Home Entrepreneurship 3 Surprising Hacks to Becoming More Effective

3 Surprising Hacks to Becoming More Effective

by Matthew Pollard

People generally refer to success as though it is within your grasp, if you simply work harder or find more time to accomplish your goals. The truth is, however, that vague statements such as these aren’t a key to unlocking anything but frustration.  Achieving great success isn’t about finding more time or working harder; instead, it’s a matter of being more effective with the time you do have.

Let’s briefly consider a new business startup. Many would suggest that a successful startup requires a lot of time spent on planning and development, yet for the last few years as an invited coach and judge at Austin’s Google’s startup weekend, I have seen business startups, many of them highly complex, take teams less than 72 hours to launch. I’m certainly not suggesting you go out and do this; I am simply highlighting that you should focus on effectiveness rather than trying to find more time, or working harder.

The Pareto Principle suggests that most people achieve 80% of results in only 20% of their time. That implies that during the other 80% of your time, you are operating far below your full effectiveness. Imagine what would happen if you unleashed the other 80% on the world.

Here are my three favorite, simple hacks to get the most effectiveness out of 100% of your time—and achieve countless goals in the process.

  1. Tidy up: You may not believe it, but a messy workspace is a huge hindrance to productivity. You may feel like you know where everything is, but let’s be honest: you have no idea how to find anything buried in that pile on your desk—or worse, that pile and the one on the floor. I’ve been there, and I guarantee that you lose productive time while finding things, not to mention the time it takes to replace any important document that will likely become misplaced or even accidentally thrown away. When, however, you keep everything in a specific place, it’s easy to find what you’re looking for and get to work straightaway. If you do find that your space gets disorganized easily, simply budget five minutes a day to put everything back in its place. Your clean workspace will get you to work on tasks more quickly and keep your head clear from the distractions of a mess so you can be more productive on a consistent basis.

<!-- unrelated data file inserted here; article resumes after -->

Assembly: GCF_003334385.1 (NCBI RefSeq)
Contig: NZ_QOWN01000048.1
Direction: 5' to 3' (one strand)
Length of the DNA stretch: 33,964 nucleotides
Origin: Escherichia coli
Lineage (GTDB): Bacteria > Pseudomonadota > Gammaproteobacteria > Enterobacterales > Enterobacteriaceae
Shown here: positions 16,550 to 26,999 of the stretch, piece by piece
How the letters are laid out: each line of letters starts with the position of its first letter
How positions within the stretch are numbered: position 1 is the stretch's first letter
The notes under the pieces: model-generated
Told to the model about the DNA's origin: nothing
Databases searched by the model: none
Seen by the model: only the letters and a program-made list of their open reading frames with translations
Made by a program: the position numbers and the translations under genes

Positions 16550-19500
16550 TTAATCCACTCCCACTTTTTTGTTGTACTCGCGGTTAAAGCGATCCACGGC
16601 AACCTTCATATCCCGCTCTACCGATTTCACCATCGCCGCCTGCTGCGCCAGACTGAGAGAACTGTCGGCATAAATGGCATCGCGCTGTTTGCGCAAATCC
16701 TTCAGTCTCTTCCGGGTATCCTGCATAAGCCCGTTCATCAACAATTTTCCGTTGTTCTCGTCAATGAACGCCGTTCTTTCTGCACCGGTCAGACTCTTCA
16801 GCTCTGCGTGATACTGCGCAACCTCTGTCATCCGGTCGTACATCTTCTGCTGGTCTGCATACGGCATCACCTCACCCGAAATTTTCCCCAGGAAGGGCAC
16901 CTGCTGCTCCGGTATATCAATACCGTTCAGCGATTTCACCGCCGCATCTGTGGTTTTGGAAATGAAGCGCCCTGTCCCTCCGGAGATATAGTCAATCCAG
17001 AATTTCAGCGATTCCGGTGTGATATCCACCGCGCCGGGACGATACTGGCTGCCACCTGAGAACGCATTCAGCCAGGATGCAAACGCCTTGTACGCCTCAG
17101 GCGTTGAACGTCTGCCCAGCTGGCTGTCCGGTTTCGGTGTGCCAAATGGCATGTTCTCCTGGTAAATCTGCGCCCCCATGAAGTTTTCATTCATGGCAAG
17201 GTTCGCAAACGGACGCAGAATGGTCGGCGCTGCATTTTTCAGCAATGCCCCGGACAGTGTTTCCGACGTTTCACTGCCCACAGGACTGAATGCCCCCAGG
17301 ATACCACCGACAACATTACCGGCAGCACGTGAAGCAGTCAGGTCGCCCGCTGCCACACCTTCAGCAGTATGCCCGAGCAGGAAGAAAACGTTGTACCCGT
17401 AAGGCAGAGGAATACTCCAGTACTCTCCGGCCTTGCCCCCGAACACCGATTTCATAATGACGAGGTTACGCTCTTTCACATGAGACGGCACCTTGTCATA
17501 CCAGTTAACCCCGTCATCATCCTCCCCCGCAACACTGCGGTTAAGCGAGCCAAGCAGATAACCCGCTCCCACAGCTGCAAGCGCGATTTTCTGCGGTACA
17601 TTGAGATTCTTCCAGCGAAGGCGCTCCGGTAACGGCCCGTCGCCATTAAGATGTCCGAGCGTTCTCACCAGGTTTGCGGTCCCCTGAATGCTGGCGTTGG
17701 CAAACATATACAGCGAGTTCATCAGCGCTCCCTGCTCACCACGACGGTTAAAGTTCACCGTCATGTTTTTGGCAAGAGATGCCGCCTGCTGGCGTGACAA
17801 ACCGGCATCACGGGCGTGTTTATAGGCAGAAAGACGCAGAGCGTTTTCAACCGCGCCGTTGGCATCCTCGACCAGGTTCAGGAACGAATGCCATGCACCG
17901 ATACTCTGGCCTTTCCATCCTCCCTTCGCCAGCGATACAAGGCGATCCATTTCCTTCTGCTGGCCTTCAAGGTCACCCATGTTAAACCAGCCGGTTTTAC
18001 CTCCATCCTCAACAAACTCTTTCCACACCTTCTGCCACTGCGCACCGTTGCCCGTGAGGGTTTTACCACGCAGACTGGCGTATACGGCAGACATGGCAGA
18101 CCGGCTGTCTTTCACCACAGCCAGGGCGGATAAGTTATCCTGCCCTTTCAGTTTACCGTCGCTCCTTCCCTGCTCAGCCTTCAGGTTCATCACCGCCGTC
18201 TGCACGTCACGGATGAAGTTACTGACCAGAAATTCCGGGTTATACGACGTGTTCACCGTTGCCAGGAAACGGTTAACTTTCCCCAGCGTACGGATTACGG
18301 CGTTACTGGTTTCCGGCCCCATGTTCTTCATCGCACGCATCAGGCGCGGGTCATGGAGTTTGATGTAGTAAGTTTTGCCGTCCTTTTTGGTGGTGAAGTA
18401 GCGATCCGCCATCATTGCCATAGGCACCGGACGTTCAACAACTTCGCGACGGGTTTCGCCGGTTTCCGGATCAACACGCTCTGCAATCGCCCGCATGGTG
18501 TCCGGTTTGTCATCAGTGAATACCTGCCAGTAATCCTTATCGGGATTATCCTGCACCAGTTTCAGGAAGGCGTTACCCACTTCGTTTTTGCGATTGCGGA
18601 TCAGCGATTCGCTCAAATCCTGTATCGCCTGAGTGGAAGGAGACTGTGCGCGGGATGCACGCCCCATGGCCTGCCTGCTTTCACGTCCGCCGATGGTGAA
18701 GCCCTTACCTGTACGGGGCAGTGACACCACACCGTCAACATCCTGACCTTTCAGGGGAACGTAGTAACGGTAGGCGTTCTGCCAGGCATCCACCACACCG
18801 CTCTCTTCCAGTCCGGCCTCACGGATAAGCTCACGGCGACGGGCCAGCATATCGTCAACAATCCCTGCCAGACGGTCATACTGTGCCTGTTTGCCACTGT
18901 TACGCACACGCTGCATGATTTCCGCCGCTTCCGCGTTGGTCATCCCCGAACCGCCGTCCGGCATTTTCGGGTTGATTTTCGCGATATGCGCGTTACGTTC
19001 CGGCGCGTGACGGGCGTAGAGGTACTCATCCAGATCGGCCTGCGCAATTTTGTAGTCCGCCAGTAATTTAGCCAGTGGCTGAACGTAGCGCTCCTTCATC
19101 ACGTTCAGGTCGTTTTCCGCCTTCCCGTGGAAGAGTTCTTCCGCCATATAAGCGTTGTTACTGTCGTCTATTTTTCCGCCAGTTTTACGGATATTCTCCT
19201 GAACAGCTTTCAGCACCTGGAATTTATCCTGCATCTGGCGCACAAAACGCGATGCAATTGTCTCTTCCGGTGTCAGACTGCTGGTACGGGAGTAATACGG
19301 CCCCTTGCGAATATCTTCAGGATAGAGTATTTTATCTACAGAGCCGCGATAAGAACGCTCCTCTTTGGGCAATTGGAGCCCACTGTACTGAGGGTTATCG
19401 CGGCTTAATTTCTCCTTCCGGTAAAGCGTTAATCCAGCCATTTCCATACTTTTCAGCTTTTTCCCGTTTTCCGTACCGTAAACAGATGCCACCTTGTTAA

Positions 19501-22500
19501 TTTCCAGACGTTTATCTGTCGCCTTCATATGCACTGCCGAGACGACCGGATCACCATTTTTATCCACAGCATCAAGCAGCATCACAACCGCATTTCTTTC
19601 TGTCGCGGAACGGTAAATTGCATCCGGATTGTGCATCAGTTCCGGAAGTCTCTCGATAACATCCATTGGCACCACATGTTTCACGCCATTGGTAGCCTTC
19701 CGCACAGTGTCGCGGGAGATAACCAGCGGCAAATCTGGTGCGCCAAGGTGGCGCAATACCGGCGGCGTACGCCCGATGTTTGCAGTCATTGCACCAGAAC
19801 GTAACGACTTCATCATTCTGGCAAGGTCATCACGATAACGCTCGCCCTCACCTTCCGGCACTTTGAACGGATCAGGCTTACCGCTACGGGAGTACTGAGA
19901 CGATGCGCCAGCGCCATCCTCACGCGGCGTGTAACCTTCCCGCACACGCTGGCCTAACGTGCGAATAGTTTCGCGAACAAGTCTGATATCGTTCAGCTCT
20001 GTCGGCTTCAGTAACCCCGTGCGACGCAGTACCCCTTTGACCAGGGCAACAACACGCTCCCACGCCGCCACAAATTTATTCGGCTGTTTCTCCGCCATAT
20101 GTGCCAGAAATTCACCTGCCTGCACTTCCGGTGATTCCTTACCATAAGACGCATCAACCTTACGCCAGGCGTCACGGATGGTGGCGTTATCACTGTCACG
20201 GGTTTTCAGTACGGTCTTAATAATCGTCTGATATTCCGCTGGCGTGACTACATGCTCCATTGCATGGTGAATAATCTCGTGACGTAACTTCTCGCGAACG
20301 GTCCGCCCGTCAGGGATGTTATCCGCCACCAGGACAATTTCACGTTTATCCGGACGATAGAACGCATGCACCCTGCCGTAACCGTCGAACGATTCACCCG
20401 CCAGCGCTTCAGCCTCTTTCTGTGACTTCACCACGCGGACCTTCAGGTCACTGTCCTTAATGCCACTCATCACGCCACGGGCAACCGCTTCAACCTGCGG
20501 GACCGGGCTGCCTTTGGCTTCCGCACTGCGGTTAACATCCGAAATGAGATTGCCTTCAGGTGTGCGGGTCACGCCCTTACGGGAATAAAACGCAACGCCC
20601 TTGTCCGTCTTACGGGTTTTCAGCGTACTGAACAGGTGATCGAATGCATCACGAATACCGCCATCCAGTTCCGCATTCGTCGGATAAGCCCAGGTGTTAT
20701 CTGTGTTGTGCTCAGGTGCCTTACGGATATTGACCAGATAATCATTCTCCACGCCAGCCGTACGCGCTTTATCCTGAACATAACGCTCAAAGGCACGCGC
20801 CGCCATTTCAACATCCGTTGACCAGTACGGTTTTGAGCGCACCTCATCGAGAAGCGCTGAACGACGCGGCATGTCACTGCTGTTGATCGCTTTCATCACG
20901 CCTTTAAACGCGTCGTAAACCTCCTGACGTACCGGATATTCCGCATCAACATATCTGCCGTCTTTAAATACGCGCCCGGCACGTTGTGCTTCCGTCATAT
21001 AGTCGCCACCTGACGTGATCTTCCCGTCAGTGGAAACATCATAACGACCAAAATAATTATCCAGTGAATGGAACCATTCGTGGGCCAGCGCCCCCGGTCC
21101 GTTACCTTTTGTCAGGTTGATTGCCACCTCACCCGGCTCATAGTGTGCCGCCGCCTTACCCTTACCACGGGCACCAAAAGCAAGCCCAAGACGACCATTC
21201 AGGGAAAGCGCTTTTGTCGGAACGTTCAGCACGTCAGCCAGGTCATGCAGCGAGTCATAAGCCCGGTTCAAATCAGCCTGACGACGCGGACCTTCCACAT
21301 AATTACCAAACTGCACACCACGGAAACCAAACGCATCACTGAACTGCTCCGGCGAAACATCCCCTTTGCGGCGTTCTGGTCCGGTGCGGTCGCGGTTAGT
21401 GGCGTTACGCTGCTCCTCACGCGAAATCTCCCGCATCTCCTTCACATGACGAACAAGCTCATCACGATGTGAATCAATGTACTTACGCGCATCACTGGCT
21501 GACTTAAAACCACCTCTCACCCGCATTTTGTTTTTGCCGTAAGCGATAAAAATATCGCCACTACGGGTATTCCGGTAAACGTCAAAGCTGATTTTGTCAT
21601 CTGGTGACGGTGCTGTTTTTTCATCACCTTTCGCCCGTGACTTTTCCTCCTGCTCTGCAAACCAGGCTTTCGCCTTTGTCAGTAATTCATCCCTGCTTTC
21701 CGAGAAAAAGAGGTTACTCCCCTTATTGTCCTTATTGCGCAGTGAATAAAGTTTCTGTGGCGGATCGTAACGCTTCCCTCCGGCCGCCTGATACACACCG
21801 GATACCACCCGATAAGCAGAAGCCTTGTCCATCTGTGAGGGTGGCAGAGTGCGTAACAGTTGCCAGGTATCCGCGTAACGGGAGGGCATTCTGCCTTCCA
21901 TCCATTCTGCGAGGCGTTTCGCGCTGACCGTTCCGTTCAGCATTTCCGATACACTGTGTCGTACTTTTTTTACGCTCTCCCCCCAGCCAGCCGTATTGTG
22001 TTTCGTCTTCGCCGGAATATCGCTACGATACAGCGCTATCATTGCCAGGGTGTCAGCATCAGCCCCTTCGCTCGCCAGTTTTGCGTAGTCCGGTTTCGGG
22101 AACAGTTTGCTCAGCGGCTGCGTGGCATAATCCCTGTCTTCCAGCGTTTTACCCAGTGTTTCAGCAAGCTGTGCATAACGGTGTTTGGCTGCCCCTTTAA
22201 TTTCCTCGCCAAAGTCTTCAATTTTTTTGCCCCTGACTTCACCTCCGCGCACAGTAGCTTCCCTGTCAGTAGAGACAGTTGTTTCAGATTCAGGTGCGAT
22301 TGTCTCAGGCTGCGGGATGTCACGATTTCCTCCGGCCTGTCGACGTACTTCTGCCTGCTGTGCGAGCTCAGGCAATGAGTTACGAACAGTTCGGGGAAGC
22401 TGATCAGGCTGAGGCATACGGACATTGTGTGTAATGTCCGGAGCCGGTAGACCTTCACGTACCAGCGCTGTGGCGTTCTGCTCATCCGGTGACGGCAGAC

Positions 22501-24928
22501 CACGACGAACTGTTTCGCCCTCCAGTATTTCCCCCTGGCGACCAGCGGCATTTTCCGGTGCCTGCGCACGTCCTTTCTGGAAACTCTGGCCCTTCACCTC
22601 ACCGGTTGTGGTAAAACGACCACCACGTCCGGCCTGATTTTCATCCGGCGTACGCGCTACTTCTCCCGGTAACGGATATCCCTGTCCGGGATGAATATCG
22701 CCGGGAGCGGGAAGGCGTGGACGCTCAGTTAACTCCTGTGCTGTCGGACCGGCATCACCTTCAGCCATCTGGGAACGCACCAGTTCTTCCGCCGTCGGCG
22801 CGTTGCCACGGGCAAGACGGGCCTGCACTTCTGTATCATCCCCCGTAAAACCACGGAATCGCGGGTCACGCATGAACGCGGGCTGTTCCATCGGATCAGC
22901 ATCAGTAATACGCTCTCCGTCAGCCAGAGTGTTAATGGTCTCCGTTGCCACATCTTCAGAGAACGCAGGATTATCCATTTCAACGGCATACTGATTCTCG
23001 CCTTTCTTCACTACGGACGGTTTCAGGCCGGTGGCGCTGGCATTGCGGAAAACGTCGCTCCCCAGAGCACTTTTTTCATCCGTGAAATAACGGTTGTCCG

2. Say “no”: It may sound obvious, but so many people just can’t say it when confronted with a coworker asking for help. Whether you say yes because they are desperate, because you’re procrastinating doing a difficult task of your own, or because you fear that saying “no” will cause a conflict, not saying it will result in you spending much of your time helping others succeed rather than focusing on your own advancement. Instead, take this simple, four-step approach to saying “no”: first, acknowledge the request. This validation will make the other person more receptive to what you have to say. Second, politely decline to help. Third, give a valid reason for declining such as some other, pressing work. Finally, offer a sweetener, such as a time during the next week when you will be able to assist them. It may surprise you to learn that most people won’t take you up on this offer; generally, this is because they have procrastinated for so long that they only need your immediate assistance during this dire situation.
    I am all for helping people; by offering that assistance in the future, you will be helping the people that genuinely need it rather than those who shirk their responsibilities, then want you to do their work for them. You may not enjoy saying “no” but you must always prioritize your own work; declining to help using the four steps will allow you to put yourself first while still acting as a supportive colleague.
  3. Work when you’re naturally better: Everyone has a time or times when they work best; I refer to it as your biological working time. For example, some people work best late at night while others are fresh and full of ideas first thing in the morning; some people get tired in the afternoon while others are invigorated to tackle projects after lunch. Maybe you know when you work best; perhaps, though, you need to pinpoint it. Once you do discover your optimum biological working time, plan strategically so that you can tackle your most taxing work during the times when you’re naturally inclined to be most productive. You’ll be surprised by how quickly you demolish your “to-do” list. Otherwise, you may run into the issue of trying to do a demanding task when you’re feeling tired and unfocused, rather than using these times to do easier work like responding to emails.

These simple hacks are easy to incorporate into your life immediately so that you may start performing at your optimal productivity today. Soon, you’ll be accomplishing more than you ever thought possible, with time to spare. I remember thinking how amazing it is that principles so basic could reap such amazing results, and I’m excited for you to think the same.


About the Author

Matthew Pollard ImageMatthew Pollard is the Rapid Growth Guy! Characterized as a true differentiation, niche marketing, and sales systemization powerhouse. He now offers online sales, niche marketing and business seminars through MatthewPollard.comRead More

 

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